Evaluation metrics mean of class-wise Intersection over Union (mIoU) is used to measure semantic segmentation quality on all datasets. It is computed as the classwise mean of the intersection over union measure. On Camvid dataset also the class average and the global average are computed being the mean of the accuracy on all classes and the global pixel accuracy respectively. Frame Per Second (FPS) is used as speed measure, defined as the inverse of time needed for our network to perform a single forward pass. FPS have been computed on a single Titan Xp GPU whether not differently specified. Following [43]

, we removed all Batch-Normalizations at test time merging them with close convolutions.

Training Recipes

All experiments have been conducted within the Pytorch framework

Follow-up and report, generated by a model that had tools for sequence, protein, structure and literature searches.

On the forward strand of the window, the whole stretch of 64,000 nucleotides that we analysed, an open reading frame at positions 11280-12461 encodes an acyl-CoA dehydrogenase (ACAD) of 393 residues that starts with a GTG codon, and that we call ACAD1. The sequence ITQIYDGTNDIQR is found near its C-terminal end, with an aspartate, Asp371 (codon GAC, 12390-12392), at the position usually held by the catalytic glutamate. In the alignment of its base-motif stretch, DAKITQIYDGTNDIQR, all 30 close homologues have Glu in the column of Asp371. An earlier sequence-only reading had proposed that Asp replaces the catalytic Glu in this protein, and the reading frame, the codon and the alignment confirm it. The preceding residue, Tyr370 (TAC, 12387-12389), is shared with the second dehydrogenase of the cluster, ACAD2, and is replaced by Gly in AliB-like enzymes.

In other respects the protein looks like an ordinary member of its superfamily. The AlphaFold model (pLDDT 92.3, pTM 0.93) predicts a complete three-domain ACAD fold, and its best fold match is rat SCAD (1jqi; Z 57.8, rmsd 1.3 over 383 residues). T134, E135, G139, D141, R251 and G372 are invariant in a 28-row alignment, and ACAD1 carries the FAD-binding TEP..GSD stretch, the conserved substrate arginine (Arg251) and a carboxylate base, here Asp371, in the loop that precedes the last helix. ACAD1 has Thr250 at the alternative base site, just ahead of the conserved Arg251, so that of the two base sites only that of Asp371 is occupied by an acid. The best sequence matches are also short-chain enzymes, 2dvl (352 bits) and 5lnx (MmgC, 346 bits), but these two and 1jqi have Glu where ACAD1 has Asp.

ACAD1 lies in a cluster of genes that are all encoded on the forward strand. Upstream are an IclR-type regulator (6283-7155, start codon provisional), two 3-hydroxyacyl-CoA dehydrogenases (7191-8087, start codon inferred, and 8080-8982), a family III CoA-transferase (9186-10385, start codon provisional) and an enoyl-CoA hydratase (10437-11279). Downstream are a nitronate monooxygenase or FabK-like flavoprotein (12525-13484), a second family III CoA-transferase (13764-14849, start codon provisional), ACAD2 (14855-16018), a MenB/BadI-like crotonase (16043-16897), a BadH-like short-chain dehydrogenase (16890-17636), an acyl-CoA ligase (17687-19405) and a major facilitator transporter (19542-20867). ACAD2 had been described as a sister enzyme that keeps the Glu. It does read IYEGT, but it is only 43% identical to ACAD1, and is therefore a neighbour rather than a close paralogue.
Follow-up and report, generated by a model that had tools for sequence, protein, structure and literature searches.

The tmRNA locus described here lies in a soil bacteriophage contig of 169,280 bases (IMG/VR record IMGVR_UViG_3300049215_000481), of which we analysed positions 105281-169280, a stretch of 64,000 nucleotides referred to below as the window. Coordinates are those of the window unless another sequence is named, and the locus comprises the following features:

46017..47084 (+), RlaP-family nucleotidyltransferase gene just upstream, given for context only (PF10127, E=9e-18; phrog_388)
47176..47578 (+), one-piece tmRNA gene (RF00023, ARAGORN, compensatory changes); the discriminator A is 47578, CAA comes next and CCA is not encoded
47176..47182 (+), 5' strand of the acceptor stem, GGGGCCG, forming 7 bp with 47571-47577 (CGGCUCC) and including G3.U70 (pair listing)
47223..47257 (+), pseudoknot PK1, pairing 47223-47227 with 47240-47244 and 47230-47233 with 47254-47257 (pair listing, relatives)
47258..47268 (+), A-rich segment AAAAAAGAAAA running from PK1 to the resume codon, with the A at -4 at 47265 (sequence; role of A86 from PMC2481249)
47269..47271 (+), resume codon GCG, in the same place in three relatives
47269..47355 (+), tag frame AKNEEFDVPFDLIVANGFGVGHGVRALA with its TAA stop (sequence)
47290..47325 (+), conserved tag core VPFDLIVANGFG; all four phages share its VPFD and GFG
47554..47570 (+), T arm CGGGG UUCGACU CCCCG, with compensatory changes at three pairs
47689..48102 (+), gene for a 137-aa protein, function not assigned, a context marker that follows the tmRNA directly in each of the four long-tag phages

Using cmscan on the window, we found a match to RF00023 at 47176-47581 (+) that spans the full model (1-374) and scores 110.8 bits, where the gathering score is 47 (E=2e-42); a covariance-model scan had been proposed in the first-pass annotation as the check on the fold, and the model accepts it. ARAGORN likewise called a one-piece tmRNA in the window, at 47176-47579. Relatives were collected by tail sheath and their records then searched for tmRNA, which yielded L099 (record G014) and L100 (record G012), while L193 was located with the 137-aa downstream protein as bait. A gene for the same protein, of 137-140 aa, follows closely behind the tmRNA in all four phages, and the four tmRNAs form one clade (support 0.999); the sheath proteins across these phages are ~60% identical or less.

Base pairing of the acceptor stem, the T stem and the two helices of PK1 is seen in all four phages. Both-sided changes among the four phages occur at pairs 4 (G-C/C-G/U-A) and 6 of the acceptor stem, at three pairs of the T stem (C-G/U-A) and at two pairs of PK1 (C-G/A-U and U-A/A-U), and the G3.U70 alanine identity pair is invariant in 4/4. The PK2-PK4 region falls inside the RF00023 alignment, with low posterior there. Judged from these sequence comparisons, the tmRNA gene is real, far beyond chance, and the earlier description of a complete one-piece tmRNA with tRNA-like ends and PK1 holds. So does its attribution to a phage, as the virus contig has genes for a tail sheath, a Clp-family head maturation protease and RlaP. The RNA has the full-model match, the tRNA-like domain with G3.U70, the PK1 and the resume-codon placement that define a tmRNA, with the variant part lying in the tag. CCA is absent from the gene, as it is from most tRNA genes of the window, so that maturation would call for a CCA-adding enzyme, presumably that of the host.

[44] v1.0. For training, following [48] we use the Adam optimizer [31] in an initial learning rate of and weight decay of . The learning rate is scheduled by multiplying the initial learning rate by

. All models are trained for 150 epochs with a mini-batch size of 8. We also include Dropout

[53] in all our Lightweight Non-Bottleneck modules as regularizers. Following [48] we set the dropout rate of the first five modules to and all the others to .

6.1 Results on Cityscapes

Cityscapes [15] is a large scale dataset for semantic urban scene understanding. It consists of 5000 finely annotated high-resolution images with pixel-level fine annotations. Images have been collected in 50 different cities around Europe, with high variability of weather conditions and in different seasons. We used the standard split suggested by the authors which consist in 2975, 500, and 1525 images for train, validation, and test sets respectively. Annotations include 19 classes used to train and evaluate models. Following a common practice for efficient oriented architectures [48, 43, 40], images have been subsampled by a factor 2 for every experiment reported on Cityscapes dataset.